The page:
Woodpeckers Capitalize on an Invasive Forest Pest
To understand how woodpeckers respond to emerald ash borer (EAB) and whether there is potential for woodpeckers to control EAB, Forest Service scientists and partners conducted surveys and dissected infested ash trees at Dempsey Middle School's forest in Delaware, Ohio. They observed external signs of woodpecker feeding on ash and non-ash species. The seventh and eighth grade advanced science classes worked with scientists to mark holes and dissect infested ash trees to determine how many EAB larvae lived in the ash trees and how many were eaten by woodpeckers. Scientists found that woodpeckers specifically targeted ash trees, creating 14 times more feeding holes in ash trees than in other tree species. When feeding on ash trees, woodpeckers specifically targeted trees more highly infested by EAB. Woodpeckers consume a significant proportion of EAB larvae: of the 7,098 EAB larvae that were evident in these dissected trees, 2,624 (37 percent) had been eaten by woodpeckers. In some highly infested trees, up to 85 percent of the EAB larvae were consumed.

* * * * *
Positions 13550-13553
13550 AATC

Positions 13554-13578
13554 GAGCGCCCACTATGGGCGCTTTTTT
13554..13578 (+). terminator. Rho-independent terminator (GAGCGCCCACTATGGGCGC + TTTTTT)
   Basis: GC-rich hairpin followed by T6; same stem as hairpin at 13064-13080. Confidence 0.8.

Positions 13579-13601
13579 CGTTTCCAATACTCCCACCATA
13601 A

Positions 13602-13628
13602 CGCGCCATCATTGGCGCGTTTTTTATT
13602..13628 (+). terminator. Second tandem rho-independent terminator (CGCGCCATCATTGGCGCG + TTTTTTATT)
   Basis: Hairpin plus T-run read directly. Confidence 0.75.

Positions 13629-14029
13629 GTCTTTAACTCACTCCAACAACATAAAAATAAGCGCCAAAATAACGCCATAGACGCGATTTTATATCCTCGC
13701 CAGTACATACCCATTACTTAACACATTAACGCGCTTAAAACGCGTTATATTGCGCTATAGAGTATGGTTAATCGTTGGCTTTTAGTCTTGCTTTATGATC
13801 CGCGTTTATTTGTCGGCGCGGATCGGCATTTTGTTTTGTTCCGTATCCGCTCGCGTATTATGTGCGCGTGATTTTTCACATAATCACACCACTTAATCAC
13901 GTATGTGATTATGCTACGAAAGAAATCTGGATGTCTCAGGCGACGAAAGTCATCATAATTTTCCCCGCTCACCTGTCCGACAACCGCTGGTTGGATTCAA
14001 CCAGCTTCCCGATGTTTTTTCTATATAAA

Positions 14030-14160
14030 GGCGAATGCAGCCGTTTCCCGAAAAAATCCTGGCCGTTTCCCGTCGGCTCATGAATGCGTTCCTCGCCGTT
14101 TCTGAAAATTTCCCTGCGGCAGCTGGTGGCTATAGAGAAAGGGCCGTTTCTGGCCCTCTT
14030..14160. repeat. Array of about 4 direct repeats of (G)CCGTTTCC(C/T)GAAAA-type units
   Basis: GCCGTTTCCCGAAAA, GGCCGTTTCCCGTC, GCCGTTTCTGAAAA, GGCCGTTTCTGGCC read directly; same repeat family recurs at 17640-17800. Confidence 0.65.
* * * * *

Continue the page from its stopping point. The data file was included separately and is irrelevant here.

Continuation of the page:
Forest Service Partners